question about ctrl-d and atexit with threads

Darren Dale dsdale24 at
Fri Mar 6 18:55:28 CET 2009

On Mar 5, 6:27 pm, "Gabriel Genellina" <gagsl-... at> wrote:
> En Thu, 05 Mar 2009 15:26:18 -0200, Darren Dale <dsdal... at>  
> escribió:
> > On Mar 5, 12:02 pm, s... at wrote:
> >> What happens if you simply call
> >>     my_thread.setDaemon(True)
> >> (or in Python 2.6):
> >>     my_thread.daemon = True
> >> ?  That is the documented way to exit worker threads when you want the
> >> application to exit.  From the threading module docs:
> >>     "The entire Python program exits when no alive non-daemon threads  
> >> are
> >>     left."
> > Thank you Skip, that solves the problem. I'm still curious what the
> > difference is between python's handling of sys.exit and EOF, but its
> > academic at this point.
> Some applications open a new window for each document they're handling.  
> When you close the last window, the application exits ("close" does an  
> implicit "quit"). Note that this does *not* happen when you close the  
> first, original document you opened, but when there are no more documents  
> open. The first document is not special in this regard.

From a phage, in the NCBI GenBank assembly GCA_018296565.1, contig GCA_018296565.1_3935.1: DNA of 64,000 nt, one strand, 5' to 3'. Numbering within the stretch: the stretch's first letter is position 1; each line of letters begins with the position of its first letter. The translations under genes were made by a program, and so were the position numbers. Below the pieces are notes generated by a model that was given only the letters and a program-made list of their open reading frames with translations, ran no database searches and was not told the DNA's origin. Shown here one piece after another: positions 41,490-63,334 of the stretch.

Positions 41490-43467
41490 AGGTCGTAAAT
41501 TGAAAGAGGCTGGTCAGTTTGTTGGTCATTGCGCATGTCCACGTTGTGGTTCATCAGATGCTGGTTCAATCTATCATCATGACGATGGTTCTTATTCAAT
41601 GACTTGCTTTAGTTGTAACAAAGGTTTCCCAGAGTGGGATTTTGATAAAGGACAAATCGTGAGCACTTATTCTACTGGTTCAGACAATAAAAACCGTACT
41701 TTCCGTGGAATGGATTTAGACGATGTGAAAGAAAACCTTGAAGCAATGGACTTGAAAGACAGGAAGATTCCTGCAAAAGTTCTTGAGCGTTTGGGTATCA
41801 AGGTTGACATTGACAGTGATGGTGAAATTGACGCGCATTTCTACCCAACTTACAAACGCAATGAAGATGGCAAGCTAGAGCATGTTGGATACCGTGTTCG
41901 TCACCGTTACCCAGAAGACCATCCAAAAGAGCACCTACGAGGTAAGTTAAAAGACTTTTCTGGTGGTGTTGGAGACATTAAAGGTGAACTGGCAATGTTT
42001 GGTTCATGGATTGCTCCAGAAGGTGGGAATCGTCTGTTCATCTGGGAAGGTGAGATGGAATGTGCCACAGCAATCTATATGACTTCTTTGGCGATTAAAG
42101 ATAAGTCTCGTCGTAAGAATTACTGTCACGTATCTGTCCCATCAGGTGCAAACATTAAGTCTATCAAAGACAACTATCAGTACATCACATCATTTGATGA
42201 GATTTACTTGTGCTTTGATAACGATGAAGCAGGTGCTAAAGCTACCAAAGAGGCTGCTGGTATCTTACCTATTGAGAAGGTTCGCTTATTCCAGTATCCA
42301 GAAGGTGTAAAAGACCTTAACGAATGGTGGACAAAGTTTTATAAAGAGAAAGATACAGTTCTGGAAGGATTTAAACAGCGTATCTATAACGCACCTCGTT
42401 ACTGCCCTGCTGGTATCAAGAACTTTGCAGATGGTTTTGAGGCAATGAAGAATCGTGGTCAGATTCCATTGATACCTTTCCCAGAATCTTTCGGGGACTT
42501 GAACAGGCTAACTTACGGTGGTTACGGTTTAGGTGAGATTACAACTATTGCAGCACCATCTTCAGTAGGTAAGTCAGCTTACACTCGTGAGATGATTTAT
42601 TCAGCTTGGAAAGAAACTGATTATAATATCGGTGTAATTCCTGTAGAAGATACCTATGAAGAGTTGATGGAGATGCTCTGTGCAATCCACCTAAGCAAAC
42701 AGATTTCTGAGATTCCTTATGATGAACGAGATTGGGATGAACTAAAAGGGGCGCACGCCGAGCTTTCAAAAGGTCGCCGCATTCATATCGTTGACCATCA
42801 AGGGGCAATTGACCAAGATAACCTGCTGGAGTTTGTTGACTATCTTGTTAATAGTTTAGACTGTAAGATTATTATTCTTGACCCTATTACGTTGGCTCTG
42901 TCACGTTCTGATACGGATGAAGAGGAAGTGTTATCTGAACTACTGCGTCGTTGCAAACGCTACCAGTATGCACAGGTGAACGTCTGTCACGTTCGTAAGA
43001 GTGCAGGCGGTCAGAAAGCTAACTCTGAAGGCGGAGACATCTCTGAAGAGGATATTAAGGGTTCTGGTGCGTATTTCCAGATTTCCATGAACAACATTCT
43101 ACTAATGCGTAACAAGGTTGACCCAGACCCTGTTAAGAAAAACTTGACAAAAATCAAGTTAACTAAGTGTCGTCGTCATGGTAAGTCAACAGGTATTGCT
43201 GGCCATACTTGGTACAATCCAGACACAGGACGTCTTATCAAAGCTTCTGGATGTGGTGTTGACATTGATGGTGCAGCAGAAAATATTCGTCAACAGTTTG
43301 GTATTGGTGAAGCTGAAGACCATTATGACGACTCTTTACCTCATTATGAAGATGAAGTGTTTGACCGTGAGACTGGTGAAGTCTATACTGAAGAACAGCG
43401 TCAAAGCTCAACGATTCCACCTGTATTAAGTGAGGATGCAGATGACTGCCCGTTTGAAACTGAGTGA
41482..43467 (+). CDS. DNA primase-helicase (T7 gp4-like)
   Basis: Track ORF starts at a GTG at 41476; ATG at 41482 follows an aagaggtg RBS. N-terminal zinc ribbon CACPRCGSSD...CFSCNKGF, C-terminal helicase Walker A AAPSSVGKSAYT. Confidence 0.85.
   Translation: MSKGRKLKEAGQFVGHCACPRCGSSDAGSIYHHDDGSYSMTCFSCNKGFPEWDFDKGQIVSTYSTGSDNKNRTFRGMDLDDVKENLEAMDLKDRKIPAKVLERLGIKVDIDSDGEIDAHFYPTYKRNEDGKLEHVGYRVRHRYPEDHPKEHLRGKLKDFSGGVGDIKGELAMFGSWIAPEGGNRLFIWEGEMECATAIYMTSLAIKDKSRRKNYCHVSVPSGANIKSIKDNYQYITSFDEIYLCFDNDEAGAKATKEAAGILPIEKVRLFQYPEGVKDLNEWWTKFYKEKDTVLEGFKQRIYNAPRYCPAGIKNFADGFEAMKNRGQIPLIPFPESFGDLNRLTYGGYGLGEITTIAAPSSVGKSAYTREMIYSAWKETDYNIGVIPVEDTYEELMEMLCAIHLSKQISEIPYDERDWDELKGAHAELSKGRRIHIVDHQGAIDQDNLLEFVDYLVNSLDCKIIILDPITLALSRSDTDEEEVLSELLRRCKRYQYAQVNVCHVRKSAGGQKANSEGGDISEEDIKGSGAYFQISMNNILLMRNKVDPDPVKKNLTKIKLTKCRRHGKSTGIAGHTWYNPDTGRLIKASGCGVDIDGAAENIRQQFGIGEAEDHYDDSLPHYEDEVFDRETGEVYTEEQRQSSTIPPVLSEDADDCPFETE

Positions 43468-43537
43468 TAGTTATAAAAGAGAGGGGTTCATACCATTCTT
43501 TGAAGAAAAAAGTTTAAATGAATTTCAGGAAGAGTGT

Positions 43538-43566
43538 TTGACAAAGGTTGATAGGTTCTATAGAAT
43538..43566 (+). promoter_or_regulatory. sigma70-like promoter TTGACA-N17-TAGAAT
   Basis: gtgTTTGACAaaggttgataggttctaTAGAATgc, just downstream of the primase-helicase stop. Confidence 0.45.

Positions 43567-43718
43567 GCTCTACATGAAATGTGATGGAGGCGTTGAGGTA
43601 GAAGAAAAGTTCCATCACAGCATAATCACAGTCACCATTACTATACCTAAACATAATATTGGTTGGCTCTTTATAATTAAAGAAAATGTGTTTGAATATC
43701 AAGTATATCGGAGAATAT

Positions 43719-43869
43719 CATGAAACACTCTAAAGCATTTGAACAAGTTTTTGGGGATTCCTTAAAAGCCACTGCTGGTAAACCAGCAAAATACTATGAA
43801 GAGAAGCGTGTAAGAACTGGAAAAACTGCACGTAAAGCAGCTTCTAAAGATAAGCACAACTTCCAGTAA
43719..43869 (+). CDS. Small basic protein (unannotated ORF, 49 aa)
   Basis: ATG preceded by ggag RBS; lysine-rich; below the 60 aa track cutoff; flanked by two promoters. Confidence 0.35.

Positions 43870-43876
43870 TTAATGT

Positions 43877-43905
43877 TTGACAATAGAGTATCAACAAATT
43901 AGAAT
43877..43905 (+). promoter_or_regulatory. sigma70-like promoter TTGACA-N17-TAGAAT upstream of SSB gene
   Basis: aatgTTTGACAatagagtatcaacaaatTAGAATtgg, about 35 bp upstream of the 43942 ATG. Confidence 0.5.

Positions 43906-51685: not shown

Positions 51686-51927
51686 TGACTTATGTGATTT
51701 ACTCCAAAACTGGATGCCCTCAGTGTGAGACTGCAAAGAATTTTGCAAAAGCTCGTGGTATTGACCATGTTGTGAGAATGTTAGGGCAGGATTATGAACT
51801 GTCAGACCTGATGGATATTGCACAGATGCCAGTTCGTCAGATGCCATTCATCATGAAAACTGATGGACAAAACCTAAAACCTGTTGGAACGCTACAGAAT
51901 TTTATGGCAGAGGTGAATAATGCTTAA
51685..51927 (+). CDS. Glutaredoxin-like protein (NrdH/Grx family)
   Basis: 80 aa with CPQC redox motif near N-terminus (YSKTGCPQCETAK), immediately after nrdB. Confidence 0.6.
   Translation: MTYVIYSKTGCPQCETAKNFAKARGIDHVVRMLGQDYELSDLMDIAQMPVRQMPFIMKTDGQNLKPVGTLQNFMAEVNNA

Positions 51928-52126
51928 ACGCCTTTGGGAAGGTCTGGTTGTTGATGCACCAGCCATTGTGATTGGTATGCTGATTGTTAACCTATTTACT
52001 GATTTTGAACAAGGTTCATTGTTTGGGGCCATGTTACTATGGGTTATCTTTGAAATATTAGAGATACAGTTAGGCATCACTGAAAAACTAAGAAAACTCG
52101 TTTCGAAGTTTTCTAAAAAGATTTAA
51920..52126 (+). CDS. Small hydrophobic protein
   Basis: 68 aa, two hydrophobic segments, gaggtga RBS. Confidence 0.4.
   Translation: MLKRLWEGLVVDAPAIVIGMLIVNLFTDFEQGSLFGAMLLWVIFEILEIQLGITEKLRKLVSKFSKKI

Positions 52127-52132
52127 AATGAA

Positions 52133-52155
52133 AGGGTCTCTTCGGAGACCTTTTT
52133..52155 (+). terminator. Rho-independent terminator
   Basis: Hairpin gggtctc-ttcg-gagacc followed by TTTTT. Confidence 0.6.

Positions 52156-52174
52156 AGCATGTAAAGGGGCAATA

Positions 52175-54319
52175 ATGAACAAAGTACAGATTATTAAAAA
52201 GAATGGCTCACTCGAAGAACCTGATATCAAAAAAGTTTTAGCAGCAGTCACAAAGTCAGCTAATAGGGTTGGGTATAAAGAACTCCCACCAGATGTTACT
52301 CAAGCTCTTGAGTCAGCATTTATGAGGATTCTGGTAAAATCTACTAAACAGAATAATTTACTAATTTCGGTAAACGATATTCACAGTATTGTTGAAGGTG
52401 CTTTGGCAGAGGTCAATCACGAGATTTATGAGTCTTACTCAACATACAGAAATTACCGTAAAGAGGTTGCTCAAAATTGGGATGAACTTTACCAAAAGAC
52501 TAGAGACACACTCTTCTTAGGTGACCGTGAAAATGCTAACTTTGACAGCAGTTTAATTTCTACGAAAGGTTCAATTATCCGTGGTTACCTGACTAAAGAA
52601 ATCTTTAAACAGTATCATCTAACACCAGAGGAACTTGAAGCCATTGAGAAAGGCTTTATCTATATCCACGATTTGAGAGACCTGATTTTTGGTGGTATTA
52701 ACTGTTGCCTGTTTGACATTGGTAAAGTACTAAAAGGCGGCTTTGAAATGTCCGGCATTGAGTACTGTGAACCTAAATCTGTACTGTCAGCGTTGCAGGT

> Python threads work the same way; a thread may finish, but as long as  
> there are other threads alive, the process continues running. Only after  
> the last thread has finished, the application quits. The main thread *is*  
> special sometimes, but not in this aspect,
> Setting daemon=True is like telling Python "I don't care about this  
> thread; don't wait for it if that's the only thing you have to do".
> Calling sys.exit() is an explicit statement: "I want this program to  
> finish now" (or as soon as possible). It doesn't wait for the remaining  
> threads (unless you explicitely do so, like in your code).

Right, I understand all that. I don't understand how calling sys.exit
at the python command line is different from invoking ctrl-D. They
should both trigger the same mechanism if they are advertised as
equivalent mechanisms for exiting the interpreter, shouldnt they?

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